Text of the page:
When I received this book I was glad to see the name Kim Vogel Sawyer. In her previous books, “Where the Heart Leads,” (reviewed April 25) and “My Heart Remembers” (reviewed Aug. 22) she wrote satisfying stories. I was looking forward to more of the same in this book. I don’t feel disappointed.

It was not always easy waiting five years until you see your intended bride, and then to find out she is not willing to make the adjustment. She is not what you expected. You left a free spirited person in England. Your understanding was that she would join you in America and you would get married. But originally you had promised one year and it has taken you five years to set things in place. Surely she would understand that. So you agree to give her until spring to adjust and either marry you or return to England.

“Less than fifteen minutes and she would step off this train into a new life. For nearly eight weeks she had traveled, dreading the moment and now it was upon her.”

And why dread it? “It hadn’t been her idea to leave Yorkshire County in England — it was Father’s. Mother hadn’t wanted her to go, either. But Father had insisted it was best, and when Father insisted, everyone had to agree or be made to feel miserable.”

She has a hope. “If perchance he should fail to recognize her, would she be allowed to return to her beloved England? Every night since Father had made his announcement that Great-Uncle Hedrick would accompany Emmaline to America to become, at long last, the bride of Geoffrey Garret, she had prayed fervently. Prayed for release from the arrangement made when she was too young to fully appreciate the consequences. Prayed for understanding from Father. But Father had never wavered in his resolve to send her away”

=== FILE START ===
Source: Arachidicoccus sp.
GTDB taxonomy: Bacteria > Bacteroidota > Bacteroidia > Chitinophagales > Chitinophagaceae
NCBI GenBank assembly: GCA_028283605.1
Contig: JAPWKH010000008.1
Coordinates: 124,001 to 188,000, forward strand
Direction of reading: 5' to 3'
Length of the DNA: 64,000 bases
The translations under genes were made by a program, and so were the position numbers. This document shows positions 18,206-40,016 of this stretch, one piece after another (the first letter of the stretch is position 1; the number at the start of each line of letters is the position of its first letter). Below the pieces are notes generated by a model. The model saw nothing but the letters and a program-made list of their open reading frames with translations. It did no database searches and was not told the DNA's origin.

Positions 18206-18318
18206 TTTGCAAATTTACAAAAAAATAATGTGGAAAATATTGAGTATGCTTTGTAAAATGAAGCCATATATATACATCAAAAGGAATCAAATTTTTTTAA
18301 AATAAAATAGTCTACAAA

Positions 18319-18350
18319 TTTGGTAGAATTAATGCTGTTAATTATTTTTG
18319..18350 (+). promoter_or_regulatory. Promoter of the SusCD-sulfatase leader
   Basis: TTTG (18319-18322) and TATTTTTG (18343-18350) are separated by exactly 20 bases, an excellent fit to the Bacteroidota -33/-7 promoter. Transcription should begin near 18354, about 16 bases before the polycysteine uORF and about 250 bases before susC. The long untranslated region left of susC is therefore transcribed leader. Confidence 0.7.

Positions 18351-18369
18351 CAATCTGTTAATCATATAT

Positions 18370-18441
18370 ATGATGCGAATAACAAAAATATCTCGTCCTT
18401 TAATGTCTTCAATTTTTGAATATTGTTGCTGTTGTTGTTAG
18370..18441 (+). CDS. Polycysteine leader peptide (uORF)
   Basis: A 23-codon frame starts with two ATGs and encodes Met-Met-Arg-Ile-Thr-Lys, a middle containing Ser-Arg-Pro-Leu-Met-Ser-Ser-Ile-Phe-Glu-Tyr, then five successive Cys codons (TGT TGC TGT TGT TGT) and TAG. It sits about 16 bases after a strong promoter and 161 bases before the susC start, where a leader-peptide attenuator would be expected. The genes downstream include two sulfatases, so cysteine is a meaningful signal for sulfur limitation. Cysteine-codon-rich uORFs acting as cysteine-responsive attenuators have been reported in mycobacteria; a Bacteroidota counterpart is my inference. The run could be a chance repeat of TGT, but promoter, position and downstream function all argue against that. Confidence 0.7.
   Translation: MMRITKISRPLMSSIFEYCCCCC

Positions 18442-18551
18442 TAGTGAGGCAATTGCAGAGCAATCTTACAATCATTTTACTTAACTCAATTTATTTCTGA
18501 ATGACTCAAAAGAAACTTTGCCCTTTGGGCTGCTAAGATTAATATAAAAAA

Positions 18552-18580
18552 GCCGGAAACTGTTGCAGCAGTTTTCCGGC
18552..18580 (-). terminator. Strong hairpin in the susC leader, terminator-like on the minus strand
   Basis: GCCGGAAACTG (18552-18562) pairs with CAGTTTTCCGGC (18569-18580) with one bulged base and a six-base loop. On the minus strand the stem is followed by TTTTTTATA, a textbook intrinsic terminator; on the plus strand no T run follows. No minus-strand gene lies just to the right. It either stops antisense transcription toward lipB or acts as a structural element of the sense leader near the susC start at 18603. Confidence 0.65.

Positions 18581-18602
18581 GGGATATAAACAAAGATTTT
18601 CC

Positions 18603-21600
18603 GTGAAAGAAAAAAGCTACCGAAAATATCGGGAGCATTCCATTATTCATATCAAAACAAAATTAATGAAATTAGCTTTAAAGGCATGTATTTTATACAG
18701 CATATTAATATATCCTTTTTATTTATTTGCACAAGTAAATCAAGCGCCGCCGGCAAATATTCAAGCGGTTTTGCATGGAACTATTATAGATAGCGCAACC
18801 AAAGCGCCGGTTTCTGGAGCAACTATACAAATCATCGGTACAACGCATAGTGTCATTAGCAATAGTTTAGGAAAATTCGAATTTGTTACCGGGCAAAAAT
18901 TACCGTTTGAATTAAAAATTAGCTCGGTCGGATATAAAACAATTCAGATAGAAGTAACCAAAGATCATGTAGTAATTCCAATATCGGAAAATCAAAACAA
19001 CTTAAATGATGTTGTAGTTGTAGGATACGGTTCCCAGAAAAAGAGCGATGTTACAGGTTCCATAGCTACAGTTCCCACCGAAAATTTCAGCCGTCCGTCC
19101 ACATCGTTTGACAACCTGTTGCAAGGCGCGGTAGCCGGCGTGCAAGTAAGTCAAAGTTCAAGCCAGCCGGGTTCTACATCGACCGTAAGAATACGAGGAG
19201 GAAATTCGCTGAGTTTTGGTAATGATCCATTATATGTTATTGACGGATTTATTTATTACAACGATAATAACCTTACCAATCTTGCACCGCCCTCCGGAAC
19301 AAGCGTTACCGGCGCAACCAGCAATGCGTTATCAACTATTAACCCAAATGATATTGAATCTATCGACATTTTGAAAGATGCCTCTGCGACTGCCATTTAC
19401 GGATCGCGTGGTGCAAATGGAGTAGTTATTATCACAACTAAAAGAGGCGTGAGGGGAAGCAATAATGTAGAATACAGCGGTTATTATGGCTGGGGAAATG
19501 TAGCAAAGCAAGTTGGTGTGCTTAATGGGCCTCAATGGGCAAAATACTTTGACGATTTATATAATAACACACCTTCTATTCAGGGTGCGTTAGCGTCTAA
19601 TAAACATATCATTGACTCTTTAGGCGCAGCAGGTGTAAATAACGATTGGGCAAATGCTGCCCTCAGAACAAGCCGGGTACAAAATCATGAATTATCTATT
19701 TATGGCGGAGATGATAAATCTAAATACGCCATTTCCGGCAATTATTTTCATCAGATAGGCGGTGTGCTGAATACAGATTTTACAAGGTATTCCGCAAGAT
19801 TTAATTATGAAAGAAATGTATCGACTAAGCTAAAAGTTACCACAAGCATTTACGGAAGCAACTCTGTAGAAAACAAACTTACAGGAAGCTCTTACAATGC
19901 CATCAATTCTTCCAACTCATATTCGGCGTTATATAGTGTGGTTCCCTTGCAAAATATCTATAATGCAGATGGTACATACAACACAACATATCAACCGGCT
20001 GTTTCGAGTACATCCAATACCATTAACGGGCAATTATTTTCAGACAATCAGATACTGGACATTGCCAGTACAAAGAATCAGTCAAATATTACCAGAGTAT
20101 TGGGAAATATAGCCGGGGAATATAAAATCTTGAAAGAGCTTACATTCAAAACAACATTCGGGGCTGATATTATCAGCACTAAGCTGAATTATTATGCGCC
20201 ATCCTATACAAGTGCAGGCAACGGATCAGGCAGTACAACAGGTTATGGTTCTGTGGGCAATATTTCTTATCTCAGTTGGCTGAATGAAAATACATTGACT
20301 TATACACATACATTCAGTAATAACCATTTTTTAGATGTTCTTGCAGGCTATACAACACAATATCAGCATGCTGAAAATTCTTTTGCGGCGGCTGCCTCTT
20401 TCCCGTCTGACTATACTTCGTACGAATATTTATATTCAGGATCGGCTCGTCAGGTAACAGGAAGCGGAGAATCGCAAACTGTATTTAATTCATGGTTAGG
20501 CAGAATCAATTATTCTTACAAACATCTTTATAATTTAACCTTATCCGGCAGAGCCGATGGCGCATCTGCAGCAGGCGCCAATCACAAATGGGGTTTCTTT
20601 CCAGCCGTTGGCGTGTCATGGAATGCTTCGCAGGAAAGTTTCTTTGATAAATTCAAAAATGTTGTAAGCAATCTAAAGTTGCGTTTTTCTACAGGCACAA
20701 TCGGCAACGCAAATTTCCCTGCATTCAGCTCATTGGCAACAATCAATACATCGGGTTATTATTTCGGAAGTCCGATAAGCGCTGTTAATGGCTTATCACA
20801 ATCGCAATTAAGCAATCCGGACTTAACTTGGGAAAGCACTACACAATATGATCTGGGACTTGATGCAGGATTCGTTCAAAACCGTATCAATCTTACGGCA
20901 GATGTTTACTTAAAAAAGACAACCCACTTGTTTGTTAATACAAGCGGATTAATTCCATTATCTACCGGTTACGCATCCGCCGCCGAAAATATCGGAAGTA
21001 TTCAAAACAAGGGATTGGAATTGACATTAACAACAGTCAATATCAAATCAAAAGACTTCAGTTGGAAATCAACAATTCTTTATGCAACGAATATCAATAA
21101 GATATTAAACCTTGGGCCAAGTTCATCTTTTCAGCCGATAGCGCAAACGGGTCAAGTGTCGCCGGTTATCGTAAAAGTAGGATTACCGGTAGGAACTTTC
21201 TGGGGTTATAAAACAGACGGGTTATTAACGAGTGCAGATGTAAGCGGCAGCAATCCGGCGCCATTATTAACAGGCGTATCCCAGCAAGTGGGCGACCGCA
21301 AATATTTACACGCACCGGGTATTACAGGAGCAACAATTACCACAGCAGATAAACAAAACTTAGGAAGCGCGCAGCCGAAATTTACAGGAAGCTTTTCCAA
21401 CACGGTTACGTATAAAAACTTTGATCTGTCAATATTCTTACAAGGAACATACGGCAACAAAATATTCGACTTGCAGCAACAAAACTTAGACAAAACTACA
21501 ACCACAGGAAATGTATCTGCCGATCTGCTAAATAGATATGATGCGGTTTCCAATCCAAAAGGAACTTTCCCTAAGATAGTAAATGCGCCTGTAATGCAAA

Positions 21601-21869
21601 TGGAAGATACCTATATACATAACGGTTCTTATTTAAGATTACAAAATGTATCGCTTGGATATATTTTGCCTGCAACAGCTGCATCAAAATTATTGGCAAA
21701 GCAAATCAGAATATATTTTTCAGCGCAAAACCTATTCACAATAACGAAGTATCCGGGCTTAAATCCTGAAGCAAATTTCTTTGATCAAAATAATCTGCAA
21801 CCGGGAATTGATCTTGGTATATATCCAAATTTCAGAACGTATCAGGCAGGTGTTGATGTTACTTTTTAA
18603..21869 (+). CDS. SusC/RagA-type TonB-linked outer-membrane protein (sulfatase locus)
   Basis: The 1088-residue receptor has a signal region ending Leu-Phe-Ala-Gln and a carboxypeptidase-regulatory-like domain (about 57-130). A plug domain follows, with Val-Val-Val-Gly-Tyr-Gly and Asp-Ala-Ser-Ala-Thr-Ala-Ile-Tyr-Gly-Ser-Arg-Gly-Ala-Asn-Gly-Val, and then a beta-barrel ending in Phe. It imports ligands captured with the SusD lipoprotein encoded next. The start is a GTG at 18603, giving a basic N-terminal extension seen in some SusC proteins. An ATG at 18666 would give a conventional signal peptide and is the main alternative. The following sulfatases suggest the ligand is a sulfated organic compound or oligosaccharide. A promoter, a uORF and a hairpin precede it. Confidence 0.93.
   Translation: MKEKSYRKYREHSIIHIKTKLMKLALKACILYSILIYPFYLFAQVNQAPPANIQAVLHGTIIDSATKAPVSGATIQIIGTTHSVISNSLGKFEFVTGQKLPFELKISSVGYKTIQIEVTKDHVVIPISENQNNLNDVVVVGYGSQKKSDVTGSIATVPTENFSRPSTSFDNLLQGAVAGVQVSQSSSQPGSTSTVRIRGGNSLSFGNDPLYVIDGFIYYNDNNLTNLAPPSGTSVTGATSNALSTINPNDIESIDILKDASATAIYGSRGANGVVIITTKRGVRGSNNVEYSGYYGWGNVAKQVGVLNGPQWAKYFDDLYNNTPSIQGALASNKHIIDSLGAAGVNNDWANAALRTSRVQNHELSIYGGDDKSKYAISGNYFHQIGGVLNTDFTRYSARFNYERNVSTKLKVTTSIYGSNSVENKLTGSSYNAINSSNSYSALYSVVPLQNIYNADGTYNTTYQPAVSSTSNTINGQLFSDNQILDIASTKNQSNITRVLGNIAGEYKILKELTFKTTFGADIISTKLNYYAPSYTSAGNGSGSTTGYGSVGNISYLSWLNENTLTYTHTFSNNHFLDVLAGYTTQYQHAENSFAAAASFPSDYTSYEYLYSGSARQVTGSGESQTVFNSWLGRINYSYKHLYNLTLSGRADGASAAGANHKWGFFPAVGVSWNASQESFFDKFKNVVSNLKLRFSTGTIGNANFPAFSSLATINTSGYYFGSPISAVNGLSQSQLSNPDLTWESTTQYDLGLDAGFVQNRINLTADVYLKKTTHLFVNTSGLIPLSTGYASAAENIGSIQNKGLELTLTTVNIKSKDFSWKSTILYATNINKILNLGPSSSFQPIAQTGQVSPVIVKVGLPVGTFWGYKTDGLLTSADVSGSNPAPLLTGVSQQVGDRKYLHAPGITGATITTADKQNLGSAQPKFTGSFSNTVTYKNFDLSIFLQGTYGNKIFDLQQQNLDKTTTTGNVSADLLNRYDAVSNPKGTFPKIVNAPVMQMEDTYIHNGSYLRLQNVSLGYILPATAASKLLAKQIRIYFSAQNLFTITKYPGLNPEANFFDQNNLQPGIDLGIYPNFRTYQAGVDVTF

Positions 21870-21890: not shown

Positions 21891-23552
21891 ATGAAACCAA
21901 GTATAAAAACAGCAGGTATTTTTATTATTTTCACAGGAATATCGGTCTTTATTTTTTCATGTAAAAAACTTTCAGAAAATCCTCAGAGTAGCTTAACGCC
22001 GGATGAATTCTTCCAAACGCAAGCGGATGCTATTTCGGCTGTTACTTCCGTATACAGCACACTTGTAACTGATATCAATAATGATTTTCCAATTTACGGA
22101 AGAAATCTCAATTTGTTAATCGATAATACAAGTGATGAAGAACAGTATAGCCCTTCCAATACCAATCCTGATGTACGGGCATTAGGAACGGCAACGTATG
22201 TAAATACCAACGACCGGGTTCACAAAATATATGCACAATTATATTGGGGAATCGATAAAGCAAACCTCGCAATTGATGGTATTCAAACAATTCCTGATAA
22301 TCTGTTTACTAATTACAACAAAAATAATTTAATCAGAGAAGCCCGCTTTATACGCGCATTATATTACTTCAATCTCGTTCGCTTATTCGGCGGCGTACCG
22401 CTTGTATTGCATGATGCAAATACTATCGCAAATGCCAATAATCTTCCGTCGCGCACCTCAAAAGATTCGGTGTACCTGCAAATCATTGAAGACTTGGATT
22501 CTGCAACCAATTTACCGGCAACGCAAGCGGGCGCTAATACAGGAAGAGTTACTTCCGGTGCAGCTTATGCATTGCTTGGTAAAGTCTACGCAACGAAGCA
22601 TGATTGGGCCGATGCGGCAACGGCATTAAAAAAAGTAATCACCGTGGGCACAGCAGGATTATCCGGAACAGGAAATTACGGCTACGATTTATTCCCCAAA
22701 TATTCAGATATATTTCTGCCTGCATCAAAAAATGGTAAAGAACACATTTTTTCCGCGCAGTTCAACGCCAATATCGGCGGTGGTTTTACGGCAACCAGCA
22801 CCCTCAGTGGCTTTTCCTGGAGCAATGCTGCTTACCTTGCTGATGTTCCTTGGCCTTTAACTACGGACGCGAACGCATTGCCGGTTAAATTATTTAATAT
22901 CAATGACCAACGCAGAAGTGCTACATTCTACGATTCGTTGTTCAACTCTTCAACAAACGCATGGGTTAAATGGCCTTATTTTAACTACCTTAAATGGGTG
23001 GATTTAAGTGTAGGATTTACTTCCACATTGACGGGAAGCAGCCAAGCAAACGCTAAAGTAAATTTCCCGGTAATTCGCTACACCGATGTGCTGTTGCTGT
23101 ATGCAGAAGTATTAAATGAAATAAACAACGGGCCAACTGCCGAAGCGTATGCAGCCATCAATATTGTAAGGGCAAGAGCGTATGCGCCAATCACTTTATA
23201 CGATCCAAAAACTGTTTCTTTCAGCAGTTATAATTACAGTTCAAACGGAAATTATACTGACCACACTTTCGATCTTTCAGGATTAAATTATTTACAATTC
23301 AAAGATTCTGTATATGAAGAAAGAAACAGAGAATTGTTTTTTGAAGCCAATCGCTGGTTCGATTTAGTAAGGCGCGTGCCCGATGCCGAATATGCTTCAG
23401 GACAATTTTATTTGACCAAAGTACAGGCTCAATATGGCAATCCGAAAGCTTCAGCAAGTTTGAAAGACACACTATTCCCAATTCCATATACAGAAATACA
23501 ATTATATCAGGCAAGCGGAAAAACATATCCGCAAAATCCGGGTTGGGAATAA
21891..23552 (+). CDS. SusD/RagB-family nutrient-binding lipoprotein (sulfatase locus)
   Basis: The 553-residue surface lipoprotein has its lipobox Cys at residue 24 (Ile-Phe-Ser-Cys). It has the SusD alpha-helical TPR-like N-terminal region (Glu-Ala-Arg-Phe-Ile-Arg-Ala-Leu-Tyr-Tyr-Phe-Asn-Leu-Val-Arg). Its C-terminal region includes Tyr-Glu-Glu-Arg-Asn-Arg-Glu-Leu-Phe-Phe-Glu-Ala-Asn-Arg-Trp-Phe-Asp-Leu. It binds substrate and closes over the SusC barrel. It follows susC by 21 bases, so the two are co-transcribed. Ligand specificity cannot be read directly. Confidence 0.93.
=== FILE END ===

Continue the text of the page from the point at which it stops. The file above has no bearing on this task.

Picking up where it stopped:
It is 1874, women had no rights. Their future was determined by the Father. Their future was to be a wife and do what the husband said. All the woman could do was go along with the plans that the Father deemed right for her.

Sawyer develops the characters. Emmaline grows up and finds strength in herself. She finds she is made of sterner stuff. She does not need a man to define herself. Geoffrey finds what a rare person he has in Emmaline.

Life on the wilderness and the hardships she encounters develops in her independence. Such is the way of life. Most people need to be put under pressure to have what is inside of them come to the surface. It is not easy to run a sheep ranch in Kansas with the grasshopper season and the snakes and death in the flock during birthing time. Maybe if she could bring a bit of England to the wilderness, she could manage to survive.

There is foreshadowing of the answer to Emmaline’s wish when earlier in the story she is in the bedroom of the parsonage after the abortive wedding. “She hadn’t realized the walls and ceiling were papered in a cheery floral pattern of lavender and green. She let her gaze rove slowly, the previous day’s melancholy easing with the sight of delicate morning glories climbing the walls and coiling across the steeply pitched ceiling.”

This book is part of the historical fiction series put out by Bethany House.

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